17. I think that the biggest piece of advice I wish someone had told me is that nothing is ever perfect, and even if other students on your course seem to be swimming on by with no problems at all - they are probably lying!!

    1) Remember that powerpoint or worksheet does not have to be perfect - when I realised that it cut my lesson planning time in half!

    2) Fake it til you make it! - you might be feeling like a complete nervous wreck and the kids in the last class really shook your confidence when they wouldn't sit quietly and listen, but you have to walk into the next lesson and pretend that you are great and nothing phases you. I think teaching to some extent is acting - and if you can pull off pretending to be a really confident awesome teacher, one day it will actually become true.

    3) Remember that if it all goes wrong that you are only there for a few weeks and then you will be off to another school with a fresh new start to try it all again! and although it may feel like it takes ages now - it will be one of the quickest years of your life!

    I thoroughly enjoyed my PGCE year, it was hard work but definitely worth it!

    Cerys
     
  18. I wish that Iknew before I started that (obviously depending on location and subject) it is a very difficult time to get a teaching job in the UK. I have heard stories of over 200 people going for one job. I know a few NQTs that are really struggling to find regular work too. Don't leave it to apply for a job in September like I did.
     
  19. I am now 8 weeks into my cert ed/PGCE for the lifelong learning sector, I just wanted to agree with all this and other things.
    Observe every session that you possible can, enjoy being a student/tutor its going to be the only time you get to be in this situation.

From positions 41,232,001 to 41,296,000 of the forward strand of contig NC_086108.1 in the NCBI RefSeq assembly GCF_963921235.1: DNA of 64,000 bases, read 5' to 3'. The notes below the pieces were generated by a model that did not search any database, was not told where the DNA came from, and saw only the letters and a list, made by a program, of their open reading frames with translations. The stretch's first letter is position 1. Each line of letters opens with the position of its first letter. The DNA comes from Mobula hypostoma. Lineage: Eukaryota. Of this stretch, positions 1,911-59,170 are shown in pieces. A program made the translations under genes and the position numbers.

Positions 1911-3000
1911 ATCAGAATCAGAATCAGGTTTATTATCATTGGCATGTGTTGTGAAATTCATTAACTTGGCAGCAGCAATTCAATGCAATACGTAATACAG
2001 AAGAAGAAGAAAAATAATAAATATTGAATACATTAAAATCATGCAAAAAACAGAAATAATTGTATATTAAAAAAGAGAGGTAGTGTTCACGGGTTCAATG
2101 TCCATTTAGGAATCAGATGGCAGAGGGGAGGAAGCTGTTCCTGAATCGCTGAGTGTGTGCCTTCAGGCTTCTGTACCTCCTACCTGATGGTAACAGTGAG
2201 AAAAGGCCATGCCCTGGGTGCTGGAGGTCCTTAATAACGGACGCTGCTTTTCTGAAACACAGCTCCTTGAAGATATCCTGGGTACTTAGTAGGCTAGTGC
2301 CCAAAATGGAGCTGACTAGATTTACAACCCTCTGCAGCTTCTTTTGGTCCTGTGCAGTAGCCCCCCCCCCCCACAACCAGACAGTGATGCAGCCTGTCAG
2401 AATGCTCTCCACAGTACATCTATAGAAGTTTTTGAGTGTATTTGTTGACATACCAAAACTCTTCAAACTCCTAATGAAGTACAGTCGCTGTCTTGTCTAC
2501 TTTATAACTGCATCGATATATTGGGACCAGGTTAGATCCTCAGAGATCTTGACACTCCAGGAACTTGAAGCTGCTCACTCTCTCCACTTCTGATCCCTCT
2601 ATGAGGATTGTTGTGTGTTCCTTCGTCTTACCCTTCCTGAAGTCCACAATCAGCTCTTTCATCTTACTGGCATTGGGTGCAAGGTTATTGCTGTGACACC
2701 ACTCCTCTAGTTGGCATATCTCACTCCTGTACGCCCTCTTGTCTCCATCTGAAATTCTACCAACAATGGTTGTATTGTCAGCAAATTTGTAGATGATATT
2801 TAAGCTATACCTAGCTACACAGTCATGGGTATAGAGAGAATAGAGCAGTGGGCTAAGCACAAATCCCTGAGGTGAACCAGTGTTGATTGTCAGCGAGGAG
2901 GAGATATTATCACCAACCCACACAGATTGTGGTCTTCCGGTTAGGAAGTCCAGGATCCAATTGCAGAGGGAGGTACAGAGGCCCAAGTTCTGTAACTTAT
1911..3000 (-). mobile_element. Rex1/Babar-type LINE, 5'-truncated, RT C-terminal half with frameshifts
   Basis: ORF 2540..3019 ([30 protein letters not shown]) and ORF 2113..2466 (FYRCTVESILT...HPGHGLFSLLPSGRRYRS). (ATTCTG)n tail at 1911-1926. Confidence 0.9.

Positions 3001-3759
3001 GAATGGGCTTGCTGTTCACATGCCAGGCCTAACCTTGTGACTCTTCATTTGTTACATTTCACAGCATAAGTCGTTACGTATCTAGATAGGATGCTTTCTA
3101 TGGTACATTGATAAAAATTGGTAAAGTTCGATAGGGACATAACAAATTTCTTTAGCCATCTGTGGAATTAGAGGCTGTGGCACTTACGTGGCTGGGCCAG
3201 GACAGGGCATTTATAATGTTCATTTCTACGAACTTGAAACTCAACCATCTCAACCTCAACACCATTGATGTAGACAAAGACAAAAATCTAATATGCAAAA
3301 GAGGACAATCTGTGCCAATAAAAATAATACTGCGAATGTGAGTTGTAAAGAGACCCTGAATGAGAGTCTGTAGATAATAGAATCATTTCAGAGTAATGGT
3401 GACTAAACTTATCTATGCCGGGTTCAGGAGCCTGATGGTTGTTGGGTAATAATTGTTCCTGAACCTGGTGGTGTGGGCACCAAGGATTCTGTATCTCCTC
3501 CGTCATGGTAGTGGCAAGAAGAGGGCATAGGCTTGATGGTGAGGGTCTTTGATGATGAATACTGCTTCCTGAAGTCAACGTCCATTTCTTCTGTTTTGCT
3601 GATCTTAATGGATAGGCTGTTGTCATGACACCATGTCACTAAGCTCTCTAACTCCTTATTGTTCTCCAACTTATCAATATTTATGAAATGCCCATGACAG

Enjoy the journey no matter how winding the road is.
     
  20. What a great idea,wish I had something like this before I started my PGCE!
    Have to reinforce, the hardest thng I found was being confident teaching a class, Ive always been nervous so that was the first thing I had to deal with -You need to fake it if you dont have it yet,and beleive me over time it comes. The more and more you get up in front of a class the more comfortable you will get and soon it wont phase you (After a year of supply work I rarely get nervous in front of new classes anymore!)
    - Dont obsess over getting lessons perfect, as they rarely turn out the way you plan them! Sometimes its the lessons that arent strictly following plans I found were my best as I wasnt attached to step by step and instead went with the flow!
    - Watch as many lessons as you can.. good bad,different subjects and try and take it all in. Ask your teacher/school if you can sit in on other classes and maybe even help in them or teach them. My biggest regret was not always using the opportunities I had to watch practice and help build on my weaker areas.
    - Take all your feedback and run with it, not all feedback is going to be good but its the stuff you can work on that will help you become a better teacher
    -Online resources are amazing! Talk to other coursemates and share anything you find as this stuff is gold when your out of ideas and need inspiration. Also if you see a resource you like, get a photocopy and start creating a folder of topics/ideas.. I did this on my pgce and still use it now.
    -Try and be as organised as possible as this will help you out later when you need to sort out files for your mentor and course.